As inflation soars, religious affairs minister says Hajj cheaper for Pakistani pilgrims 'in dollar terms'

Special As inflation soars, religious affairs minister says Hajj cheaper for Pakistani pilgrims 'in dollar terms'
The photo taken on May 23, 2023, shows Pakistan's Federal Minister for Religious Affairs Senator Talha Mahmood in his office in Islamabad, Pakistan. (AN Photo)
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Updated 24 May 2023

As inflation soars, religious affairs minister says Hajj cheaper for Pakistani pilgrims 'in dollar terms'

As inflation soars, religious affairs minister says Hajj cheaper for Pakistani pilgrims 'in dollar terms'
  • Senator Talha Mahmood says Hajj is costing $3,800 this year while it was $5,000 last year
  • The minister blames rupee depreciation as the real issue behind the affordability problem

ISLAMABAD: Federal Minister for Religious Affairs Senator Talha Mahmood said on Tuesday Hajj had become cheaper for Pakistani pilgrims in dollar terms compared to last year while expressing hope the government would receive “extraordinary facilities” and cooperation from the Saudi authorities during the annual pilgrimage.

The Hajj is an obligatory religious ritual for adult Muslims who are physically and financially capable of carrying it out. It involves visiting the holy cities of Makkah and Madinah at least once in a lifetime and takes place during the last month of the lunar Islamic calendar called Dhu Al-Hijjah.

Saudi Arabia reinstated Pakistan’s pre-pandemic Hajj quota of 179,210 pilgrims and scrapped the upper age limit of 65 in January. About 80,000 Pakistani pilgrims are expected to perform the pilgrimage under the government scheme this year, and the rest will be facilitated by private tour operators.

Pakistan started the Hajj flight operation to Saudi Arabia from different cities, including Karachi, Lahore, and Faisalabad, on Sunday, and it is expected to continue until June 21.

“In terms of dollars, the Hajj cost $5,000 last year, and it is $3,800 this year,” he told Arab News in an exclusive interview on Tuesday night. “Hajj is cheaper compared to the previous year, but the Pakistani rupee has devalued, and the dollar has appreciated.”

A Pakistani hajj volunteer speaks to pilgrims at Makkah, Saudi Arabia on June 16, 2022. (Courtesy: Pakistani Hajj mission in Jeddah/File)

The minister said his team had already returned Rs55,000 to each pilgrim and was looking for ways to bring the overall Hajj cost further down.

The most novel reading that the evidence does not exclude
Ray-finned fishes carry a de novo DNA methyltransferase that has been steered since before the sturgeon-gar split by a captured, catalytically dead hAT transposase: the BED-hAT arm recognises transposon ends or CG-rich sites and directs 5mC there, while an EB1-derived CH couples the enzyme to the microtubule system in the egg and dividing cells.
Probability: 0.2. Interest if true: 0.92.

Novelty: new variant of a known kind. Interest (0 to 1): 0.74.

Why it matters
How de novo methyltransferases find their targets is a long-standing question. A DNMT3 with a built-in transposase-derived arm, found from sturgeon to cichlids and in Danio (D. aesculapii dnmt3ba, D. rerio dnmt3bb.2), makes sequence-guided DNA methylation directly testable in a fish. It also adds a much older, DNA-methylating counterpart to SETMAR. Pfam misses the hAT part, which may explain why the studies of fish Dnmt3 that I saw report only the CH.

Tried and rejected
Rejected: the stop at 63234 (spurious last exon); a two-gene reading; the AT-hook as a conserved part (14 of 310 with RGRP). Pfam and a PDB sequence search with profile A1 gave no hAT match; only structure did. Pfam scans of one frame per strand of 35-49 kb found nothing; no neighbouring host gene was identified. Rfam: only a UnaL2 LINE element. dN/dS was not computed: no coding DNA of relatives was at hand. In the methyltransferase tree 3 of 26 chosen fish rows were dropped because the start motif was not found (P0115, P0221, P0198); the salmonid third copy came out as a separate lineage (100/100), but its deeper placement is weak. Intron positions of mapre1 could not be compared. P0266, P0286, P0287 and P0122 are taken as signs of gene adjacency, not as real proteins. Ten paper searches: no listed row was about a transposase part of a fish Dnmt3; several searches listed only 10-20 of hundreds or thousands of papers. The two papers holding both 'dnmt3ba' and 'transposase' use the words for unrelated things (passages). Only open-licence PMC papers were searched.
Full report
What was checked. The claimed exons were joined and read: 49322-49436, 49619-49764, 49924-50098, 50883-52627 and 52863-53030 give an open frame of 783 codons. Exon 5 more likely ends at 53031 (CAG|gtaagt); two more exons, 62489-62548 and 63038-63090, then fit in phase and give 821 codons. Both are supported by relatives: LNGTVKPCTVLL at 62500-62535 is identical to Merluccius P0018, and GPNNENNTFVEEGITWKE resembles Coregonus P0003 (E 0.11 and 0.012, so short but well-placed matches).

He thanked King Salman bin Abdulaziz Al-Saud and Crown Prince Mohammed Bin Salman for their generosity toward the people of Pakistan, saying: “They always stand by us in difficult times. They accommodate us in different things with respect to Hajj. This is a full swing Hajj after four years. I believe they will provide us with extraordinary facilities.”

Pakistan introduced a Hajj sponsorship scheme this year, allowing its overseas nationals to apply for pilgrimage in United States dollars or sponsor close relatives in the country. However, it received a lackluster response, with only 7,000 applications against an allocated quota of 44,000.

“Everything is made complicated in our country while the need is to simplify the system,” the minister said, blaming certain flaws in the scheme for its failure. “People were facing difficulties in getting their passports and remit dollars.”

In the wake of the dollar shortage in the country, the government returned a Hajj quota of nearly 8,000 to the Saudi authorities but later managed to get some 1,500 back to accommodate domestic applicants.

“We had returned the quota of around 8,000 because the Ministry of Finance had to release $24 million, and it was not ready to give [the amount],” he informed.

Asked about the Makkah Route Initiative, a component of Saudi Arabia’s Guests of God Service Program inaugurated in 2019 under Vision 2030 to diversify the kingdom’s economy, Mahmood said there was no hurdle in expanding it beyond Islamabad, but the issue was not taken up with the Saudi authorities before the Hajj flight operation.

Under the scheme, Hajj pilgrims go through immigration facilities at the airports of their respective countries, making it possible for them to enter the kingdom without repeating the same procedure upon arriving in Saudi Arabia.

“There was a need to work on it before the Hajj,” said the minister. “Unfortunately, it was not done.”

However, he vowed to expand the initiative to Lahore and Karachi airports in the coming year to facilitate the maximum number of pilgrims with the innovative immigration process.

Asked about regulating private Hajj operators who enjoy half of the pilgrims’ quota, he promised to initiate action against them in case of any complaints.

“We will see on merit after Hajj... if we get complaints from pilgrims, what action we can initiate against [these firms],” Mahmood said. “If we get something serious during the Hajj, we will initiate action.”

However, he pointed out that the government would require “genuine information with proof” to justify the action.

Regarding day-to-day issues and complaints of pilgrims before their departure from Pakistan, he said the government was receiving complaints about the biometric data of elderly people, along with delays in visa processing, vaccination, and flight delays. He added they were swiftly trying to address these challenges.

“It is difficult to keep one hundred percent of people complaint-free,” he continued. “Our job is to keep the maximum number of people in a better situation.”